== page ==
Systolic and Diastolic Blood Pressure, Incident Cardiovascular Events, and Death in Elderly PersonsNovelty and Significance
The Role of Functional Limitation in the Cardiovascular Health Study
Whether limitation in the ability to perform activities of daily living (ADL) or gait speed can identify elders in whom the association of systolic and diastolic blood pressure (DBP) with cardiovascular events (CVDs) and death differs is unclear. We evaluated whether limitation in ADL or gait speed modifies the association of systolic blood pressure or DBP with incident CVD (n=2358) and death (n=3547) in the Cardiovascular Health Study. Mean age was 78±5 and 21% reported limitation in ≥1 ADL. There were 778 CVD and 1289 deaths over 9 years. Among persons without and those with ADL limitation, systolic blood pressure was associated with incident CVD: hazard ratio [HR] (per 10-mm Hg increase) 1.08 (95% confidence interval, 1.03, 1.13) and 1.06 (0.97, 1.17), respectively. ADL modified the association of DBP with incident CVD. Among those without ADL limitation, DBP was weakly associated with incident CVD, HR 1.04 (0.79, 1.37) for DBP >80, compared with <65 mm Hg. Among those with ADL limitation, DBP was inversely associated with CVD: HR 0.65 (0.44, 0.96) for DBP 66 to 80 mm Hg and HR 0.49 (0.25, 0.94) for DBP >80, compared with DBP ≤65. Among people with ADL limitation, a DBP of 66 to 80 had the lowest risk of death, HR 0.72 (0.57, 0.91), compared with a DBP of ≤65. Associations did not vary by 15-feet walking speed. ADL can identify elders in whom diastolic hypotension is associated with higher cardiovascular risk and death. Functional status, rather than chronologic age alone, should inform design of hypertension trials in elders.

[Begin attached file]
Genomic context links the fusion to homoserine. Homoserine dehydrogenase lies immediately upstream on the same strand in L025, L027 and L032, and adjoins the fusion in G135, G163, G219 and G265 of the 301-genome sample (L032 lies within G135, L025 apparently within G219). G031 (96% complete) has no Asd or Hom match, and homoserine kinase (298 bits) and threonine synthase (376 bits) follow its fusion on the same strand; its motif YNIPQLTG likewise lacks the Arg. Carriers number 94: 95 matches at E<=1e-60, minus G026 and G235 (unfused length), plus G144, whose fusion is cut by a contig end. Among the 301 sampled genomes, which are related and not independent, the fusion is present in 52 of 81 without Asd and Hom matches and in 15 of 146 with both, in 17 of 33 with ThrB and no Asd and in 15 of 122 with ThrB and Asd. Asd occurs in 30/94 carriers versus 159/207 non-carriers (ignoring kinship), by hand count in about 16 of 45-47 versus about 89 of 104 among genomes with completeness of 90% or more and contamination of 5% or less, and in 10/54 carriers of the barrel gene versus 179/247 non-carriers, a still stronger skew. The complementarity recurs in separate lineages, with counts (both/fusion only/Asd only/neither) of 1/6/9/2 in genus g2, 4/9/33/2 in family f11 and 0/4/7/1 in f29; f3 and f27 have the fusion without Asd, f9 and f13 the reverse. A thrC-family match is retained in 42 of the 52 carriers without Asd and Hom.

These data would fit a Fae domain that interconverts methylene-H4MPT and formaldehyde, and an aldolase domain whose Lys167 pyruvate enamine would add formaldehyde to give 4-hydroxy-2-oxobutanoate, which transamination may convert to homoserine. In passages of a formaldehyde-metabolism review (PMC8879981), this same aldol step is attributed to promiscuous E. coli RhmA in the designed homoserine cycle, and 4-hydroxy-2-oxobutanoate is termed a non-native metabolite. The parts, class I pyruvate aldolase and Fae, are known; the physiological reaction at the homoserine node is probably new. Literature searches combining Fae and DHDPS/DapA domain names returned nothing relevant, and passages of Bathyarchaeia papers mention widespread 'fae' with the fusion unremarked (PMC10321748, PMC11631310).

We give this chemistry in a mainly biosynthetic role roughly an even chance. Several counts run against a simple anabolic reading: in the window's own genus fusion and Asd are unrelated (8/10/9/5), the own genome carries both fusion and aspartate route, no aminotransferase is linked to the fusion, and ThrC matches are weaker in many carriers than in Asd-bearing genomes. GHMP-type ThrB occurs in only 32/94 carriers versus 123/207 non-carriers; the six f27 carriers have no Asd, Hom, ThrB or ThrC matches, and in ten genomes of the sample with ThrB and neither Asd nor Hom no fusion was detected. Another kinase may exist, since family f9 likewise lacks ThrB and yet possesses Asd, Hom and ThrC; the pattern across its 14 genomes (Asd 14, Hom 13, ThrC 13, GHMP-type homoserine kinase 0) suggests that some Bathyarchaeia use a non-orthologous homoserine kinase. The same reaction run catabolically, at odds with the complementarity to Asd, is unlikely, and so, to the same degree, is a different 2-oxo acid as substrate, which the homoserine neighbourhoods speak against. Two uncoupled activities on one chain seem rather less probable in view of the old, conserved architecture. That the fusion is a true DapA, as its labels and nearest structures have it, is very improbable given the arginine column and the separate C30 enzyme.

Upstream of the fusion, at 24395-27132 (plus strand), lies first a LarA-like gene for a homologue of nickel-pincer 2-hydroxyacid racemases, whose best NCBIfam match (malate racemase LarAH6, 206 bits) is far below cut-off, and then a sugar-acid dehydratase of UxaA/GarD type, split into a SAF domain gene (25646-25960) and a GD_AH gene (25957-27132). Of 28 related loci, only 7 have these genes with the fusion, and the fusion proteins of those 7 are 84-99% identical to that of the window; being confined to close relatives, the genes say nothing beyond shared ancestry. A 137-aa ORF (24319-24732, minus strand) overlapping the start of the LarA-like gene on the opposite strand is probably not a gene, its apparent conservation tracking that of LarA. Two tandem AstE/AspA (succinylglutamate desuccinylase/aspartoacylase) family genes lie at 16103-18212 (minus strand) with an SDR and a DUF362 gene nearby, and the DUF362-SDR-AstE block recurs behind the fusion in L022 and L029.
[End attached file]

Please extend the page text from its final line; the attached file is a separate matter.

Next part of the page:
Elderly people ≥75 years represent the fastest growing age group in the United States, and ≈2/3 are living with high blood pressure (BP).1 Optimal management of hypertension in elderly people remains a subject of active debate.2–6 Some studies show that high BP is a risk factor for cardiovascular events (CVDs) and death in elderly people.7,8 Other studies have shown that higher BP is associated with lower risk of death in some elders, particularly those >75 years.9,10 A meta-analysis of trials including people aged ≥80 years reported reduction of cardiovascular risk, but not death, from lowering BP.11 However, trial participants may not be representative of the general elderly population, where there is large heterogeneity of health status.12 Reliable identification of elders in whom high BP is associated with increased risk of CVDs and death, and who are thus most likely to benefit from treatment, remains difficult. We recently showed that walking speed of a 6-meter (20 feet) walk, a measure of functional status, can differentiate subgroups of elders in whom the association of systolic BP (SBP) with death is incremental, null or reversed.13 Whether measures of health or functional status modify the association of BP with incident CVDs remains uncertain.